Infantile hemangioma is the most common tumor of infancy, affecting 10 to 12% of infants by age 1 year. Infantile hemangioma is present at birth in 10 to 20% of affected infants and almost always within the first several weeks of life; occasionally, deeper lesions may not be apparent until a few months after birth. Size and vascularity increase rapidly, usually peaking at about age 1 year.
Infantile hemangiomas can be classified by general appearance (superficial, deep, or cavernous) or by other descriptive terms (eg, strawberry hemangioma). However, because all of these lesions share a common pathophysiology and natural history, the inclusive term infantile hemangioma is preferred.
Symptoms and Signs of Infantile Hemangiomas
Superficial lesions have a bright red appearance; deeper lesions have a bluish color. Lesions can bleed or ulcerate from minor trauma; ulcers may be painful.
Infantile hemangiomas in certain locations can interfere with function. Lesions on the face or oropharynx may interfere with vision or obstruct the airway; those near the urethral meatus or anus may interfere with elimination. A periocular hemangioma in an infant is considered an emergency and should be attended to promptly to avoid permanent visual defects. Lumbosacral hemangiomas may be a sign of underlying neurologic or genitourinary anomalies.
Lesions slowly involute starting at 12 to 18 months, decreasing in size and vascularity. Generally, infantile hemangiomas involute by 10%/year of age (eg, 50% by age 5, 60% by age 6), with maximal involution by age 10. Involuted lesions commonly have a yellowish or telangiectatic color and a wrinkled or lax fibrofatty texture. Residual changes are almost always proportional to the lesion’s maximal size and vascularity.
Diagnosis of Infantile Hemangiomas
Diagnosis of infantile hemangiomas is clinical; the extent can be evaluated by MRI if lesions appear to encroach on vital structures.
Treatment of Infantile Hemangiomas
Individualized based on location, size, and severity of lesions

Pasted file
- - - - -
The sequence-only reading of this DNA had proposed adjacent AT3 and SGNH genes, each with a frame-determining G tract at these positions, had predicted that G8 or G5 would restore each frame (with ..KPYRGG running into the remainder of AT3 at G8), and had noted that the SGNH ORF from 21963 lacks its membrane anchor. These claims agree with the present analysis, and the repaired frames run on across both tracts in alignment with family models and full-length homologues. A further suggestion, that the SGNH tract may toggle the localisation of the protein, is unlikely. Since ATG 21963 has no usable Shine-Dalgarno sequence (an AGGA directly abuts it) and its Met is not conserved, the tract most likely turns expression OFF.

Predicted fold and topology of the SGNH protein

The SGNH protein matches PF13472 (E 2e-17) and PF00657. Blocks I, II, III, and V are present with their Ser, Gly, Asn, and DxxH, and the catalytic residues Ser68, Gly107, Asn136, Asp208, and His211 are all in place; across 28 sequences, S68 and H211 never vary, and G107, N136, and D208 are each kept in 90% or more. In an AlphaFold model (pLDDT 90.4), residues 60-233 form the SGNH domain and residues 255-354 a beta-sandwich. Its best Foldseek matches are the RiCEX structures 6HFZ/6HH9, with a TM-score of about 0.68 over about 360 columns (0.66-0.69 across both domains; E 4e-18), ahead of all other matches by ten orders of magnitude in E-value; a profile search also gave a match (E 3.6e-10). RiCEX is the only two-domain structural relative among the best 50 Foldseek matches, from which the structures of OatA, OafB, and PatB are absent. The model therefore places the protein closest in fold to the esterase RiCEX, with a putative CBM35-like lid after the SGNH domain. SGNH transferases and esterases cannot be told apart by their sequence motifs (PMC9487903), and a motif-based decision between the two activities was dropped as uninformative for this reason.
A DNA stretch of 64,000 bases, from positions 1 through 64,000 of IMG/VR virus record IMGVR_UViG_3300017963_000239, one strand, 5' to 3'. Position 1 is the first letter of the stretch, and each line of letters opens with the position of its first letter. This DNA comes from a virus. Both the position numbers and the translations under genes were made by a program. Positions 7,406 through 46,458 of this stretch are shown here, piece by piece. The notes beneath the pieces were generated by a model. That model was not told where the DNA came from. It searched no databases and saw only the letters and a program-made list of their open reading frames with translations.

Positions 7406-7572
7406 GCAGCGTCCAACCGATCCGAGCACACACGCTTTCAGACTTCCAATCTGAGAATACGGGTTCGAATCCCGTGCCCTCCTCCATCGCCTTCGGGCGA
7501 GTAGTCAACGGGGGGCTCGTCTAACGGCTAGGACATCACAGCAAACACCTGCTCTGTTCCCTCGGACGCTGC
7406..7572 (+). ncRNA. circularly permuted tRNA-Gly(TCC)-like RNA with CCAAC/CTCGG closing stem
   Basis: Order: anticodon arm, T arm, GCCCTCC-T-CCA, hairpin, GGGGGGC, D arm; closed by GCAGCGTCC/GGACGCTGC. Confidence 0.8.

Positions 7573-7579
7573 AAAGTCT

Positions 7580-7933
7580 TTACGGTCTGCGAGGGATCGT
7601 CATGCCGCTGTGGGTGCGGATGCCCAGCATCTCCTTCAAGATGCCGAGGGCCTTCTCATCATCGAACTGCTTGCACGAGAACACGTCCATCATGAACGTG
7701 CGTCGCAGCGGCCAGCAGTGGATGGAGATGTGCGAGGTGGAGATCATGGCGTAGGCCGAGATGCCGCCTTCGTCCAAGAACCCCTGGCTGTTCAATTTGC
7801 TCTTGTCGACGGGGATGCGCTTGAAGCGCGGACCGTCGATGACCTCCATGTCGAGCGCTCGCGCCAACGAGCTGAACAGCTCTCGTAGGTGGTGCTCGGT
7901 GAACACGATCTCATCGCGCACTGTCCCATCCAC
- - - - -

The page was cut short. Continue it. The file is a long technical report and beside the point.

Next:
For superficial or uncomplicated lesions that require treatment, possibly topical or intralesional corticosteroids or topical beta-blockers ( 1 Treatment references Infantile hemangiomas are raised, red or purplish, hyperplastic vascular lesions appearing in the first year of life. Most spontaneously involute; those obstructing vision, the airway, or other... read more )
For complicated or high-risk lesions requiring treatment, oral propranolol ( 2 Treatment references Infantile hemangiomas are raised, red or purplish, hyperplastic vascular lesions appearing in the first year of life. Most spontaneously involute; those obstructing vision, the airway, or other... read more )
General wound care for ulcerated lesions
Usually avoidance of surgery
There is no universal infantile hemangioma treatment recommendation. Because most lesions resolve spontaneously, observation is usually indicated before initiating treatment. Treatment should be considered for complicated or high-risk lesions, ie, those that
Threaten function (eg, vision)
Involve large areas of the face
Are distributed over the beard area
Topical treatments and wound care are useful for ulcerated lesions and help prevent scarring, bleeding, and pain. Compresses, topical mupirocin or metronidazole, barrier dressings (generally polyurethane film dressing or petrolatum-impregnated gauze), or barrier creams may be used to prevent infection and/or reduce colonization.
Unless complications are life threatening or vital organs are compromised, surgical excision or other destructive procedures should be avoided because they frequently cause more scarring than occurs with spontaneous involution. To help parents accept nonintervention, the physician can review the natural history (photographic examples are helpful), provide serial photography of the lesion to document involution, and listen sympathetically to parents’ concerns.
1. Boos MD, Castelo-Soccio: Experience with topical timolol maleate for the treatment of ulcerated infantile hemangiomas (IH). J Am Acad Dermatol 74(3):567-570, 2016. doi: 10.1016/j.jaad.2015.10.021
2. Hogeling M, Adams S, Wargon O: A randomized controlled trial of propranolol for infantile hemangiomas. Pediatrics 128(2):e259-266, 2011. doi: 10.1542/peds.2010-0029
Infantile hemangiomas affect 10 to 12% of infants by age 1 year.
Lesions slowly involute starting at 12 to 18 months, with maximal involution by age 10 years.
Use topical treatments and wound care for ulcerated lesions and to help prevent scarring, bleeding, and pain.
Unless complications are life threatening or vital organs are compromised, avoid surgery.
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